Monday, 7 January 2013
Exhibit Hall 3 (Austin Convention Center)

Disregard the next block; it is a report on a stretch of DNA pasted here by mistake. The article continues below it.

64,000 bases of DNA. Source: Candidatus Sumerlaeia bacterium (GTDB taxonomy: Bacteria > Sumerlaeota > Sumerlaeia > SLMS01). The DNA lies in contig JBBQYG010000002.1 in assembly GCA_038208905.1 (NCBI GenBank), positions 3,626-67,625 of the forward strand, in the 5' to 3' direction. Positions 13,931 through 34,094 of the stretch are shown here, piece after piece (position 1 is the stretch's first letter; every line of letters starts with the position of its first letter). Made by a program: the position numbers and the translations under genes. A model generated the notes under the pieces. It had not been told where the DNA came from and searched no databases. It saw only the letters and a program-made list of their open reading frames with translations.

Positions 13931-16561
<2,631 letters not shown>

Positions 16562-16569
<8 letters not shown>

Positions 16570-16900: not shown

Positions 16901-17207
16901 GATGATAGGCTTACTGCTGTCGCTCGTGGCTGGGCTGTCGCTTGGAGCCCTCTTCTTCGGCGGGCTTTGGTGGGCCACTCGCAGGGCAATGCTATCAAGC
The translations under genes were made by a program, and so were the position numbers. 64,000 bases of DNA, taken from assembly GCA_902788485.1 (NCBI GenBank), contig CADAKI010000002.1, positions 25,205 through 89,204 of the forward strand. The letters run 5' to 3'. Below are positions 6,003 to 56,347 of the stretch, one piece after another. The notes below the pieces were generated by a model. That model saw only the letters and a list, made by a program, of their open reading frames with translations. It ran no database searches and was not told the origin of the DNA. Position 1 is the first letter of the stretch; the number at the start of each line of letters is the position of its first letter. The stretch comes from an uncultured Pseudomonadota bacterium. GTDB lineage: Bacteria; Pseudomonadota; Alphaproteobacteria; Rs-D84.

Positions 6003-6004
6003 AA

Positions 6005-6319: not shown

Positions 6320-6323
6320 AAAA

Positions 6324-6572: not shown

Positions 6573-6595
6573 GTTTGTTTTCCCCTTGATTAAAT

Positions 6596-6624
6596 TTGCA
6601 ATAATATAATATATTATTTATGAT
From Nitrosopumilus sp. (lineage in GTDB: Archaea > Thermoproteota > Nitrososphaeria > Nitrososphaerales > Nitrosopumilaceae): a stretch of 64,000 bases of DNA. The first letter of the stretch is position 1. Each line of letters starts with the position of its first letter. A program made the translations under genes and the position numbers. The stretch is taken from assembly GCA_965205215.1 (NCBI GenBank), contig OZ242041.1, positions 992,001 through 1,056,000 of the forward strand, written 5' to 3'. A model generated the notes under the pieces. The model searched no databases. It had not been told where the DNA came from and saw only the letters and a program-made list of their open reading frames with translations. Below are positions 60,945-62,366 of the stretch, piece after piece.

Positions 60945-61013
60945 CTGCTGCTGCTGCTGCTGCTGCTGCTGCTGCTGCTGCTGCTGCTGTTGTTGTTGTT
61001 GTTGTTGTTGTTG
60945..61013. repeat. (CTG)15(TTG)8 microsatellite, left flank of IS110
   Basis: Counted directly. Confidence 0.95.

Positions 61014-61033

Atmospheric rivers are transient, narrow regions in the atmosphere responsible for the transport of large amounts of water vapor. These phenomena can have a large impact on precipitation. In particular, they can be responsible for intense rain events on the western coast of North America during the winter season. This paper focuses on attempts to improve analyses of heavy precipitation events in the Western US due to atmospheric rivers. While assimilation of radiances from the Atmospheric Infrared Sounder (AIRS) occurs in regional forecast models, these observations are only assimilated in clear regions, which means that atmospheric rivers may not be adequately sampled. Temperature and water vapor profiles from AIRS are retrieved in partly cloudy regions and may provide enhanced analyses of moisture associated with atmospheric rivers. These observations are combined with GFS analyses using the three-dimensional variational Gridpoint Statistical Interpolation (GSI) data assimilation system to produce an AIRS-enhanced analysis product. Verification of these AIRS-enhanced analyses will be done using special observations obtained during the Winter Storms and Pacific Atmospheric Rivers (WISPAR) field campaign as well as through gridded verification of precipitation forecasts from the Weather Research and Forecasting (WRF) for 3 test cases in the winter of 2011. These analyses and forecasts will be compared to GFS analyses and forecasts to demonstrate the impact of the AIRS profiles Results will be presented showing the impact of the AIRS profile data on water vapor and temperature fields, and on the resultant precipitation forecasts.
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